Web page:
First accuser describes Sandusky claims

Published: Tuesday, June 12, 2012 @ 9:01 AM
Updated: Tuesday, June 12, 2012 @ 9:01 AM

Testimony in the child sex abuse trial of former Penn State assistant college football coach Jerry Sandusky was to continue Tuesday with so-called Victim 1, a young man whose mother contacted authorities and started the investigation that eventually led to dozens of charges.

Sandusky faces 52 counts that he sexually abused 10 boys over 15 years, allegations he denies. He could spend the rest of his life in state prison if convicted. His arrest last year shamed one of the country's most stories sports programs and led to the ouster of beloved Hall of Fame coach Joe Paterno and the university's president.

Sandusky lawyer Joe Amendola has said the case is flimsy and that some of the accusers have a financial stake in the case — a preview of the battle to come as the defense tries to undermine the credibility of the young men upon whom the case rests.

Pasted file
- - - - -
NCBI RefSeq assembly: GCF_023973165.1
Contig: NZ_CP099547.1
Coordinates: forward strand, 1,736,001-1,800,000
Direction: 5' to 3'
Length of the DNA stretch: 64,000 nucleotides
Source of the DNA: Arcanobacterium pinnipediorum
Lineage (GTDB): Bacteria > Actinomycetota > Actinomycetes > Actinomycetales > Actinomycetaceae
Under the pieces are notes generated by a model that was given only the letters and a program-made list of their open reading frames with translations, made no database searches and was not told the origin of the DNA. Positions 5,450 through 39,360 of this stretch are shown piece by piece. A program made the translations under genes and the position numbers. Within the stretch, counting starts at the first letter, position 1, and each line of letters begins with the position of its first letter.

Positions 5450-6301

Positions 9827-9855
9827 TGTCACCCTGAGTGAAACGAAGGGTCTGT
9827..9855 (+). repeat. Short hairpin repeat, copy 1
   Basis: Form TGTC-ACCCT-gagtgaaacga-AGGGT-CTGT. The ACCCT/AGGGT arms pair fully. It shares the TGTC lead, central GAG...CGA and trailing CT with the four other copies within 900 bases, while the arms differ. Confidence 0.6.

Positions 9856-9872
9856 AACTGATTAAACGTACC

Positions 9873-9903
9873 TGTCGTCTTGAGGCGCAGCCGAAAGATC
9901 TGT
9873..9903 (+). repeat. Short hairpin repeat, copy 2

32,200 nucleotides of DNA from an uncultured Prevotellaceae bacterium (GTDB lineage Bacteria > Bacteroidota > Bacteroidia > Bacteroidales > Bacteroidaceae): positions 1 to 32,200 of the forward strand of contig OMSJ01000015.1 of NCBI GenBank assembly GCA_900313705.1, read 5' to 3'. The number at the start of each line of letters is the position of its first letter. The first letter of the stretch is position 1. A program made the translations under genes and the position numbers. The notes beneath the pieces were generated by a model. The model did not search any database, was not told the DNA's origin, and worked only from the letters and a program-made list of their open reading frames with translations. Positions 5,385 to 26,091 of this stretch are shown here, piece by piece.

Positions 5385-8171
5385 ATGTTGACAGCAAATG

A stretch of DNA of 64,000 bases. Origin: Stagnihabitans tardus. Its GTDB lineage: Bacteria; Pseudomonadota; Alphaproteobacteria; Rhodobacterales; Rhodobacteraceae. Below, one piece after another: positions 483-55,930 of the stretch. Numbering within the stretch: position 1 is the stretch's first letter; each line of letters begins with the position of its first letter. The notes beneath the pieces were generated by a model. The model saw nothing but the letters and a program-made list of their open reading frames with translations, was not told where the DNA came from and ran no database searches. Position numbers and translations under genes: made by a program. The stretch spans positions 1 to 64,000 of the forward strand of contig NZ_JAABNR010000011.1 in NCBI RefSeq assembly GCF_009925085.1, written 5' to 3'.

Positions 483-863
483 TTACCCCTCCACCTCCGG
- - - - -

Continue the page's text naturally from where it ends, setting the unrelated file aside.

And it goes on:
The first witness to take the stand Monday said he regretted having kept the alleged sexual abuse a secret and feels guilty because of the other boys that prosecutors say were victimized after him.

Called Victim 4 in court papers but identified by his name in court, he told jurors that the 68-year-old Sandusky molested him in the locker room showers and in hotels while trying to ensure his silence with gifts and trips.

He was the first of as many as eight young men who may take the stand.

In opening statements to the jury, lead prosecutor Joe McGettigan described Sandusky as a "serial predator" and noted there were several missed chances for authorities to intervene before Sandusky was eventually arrested.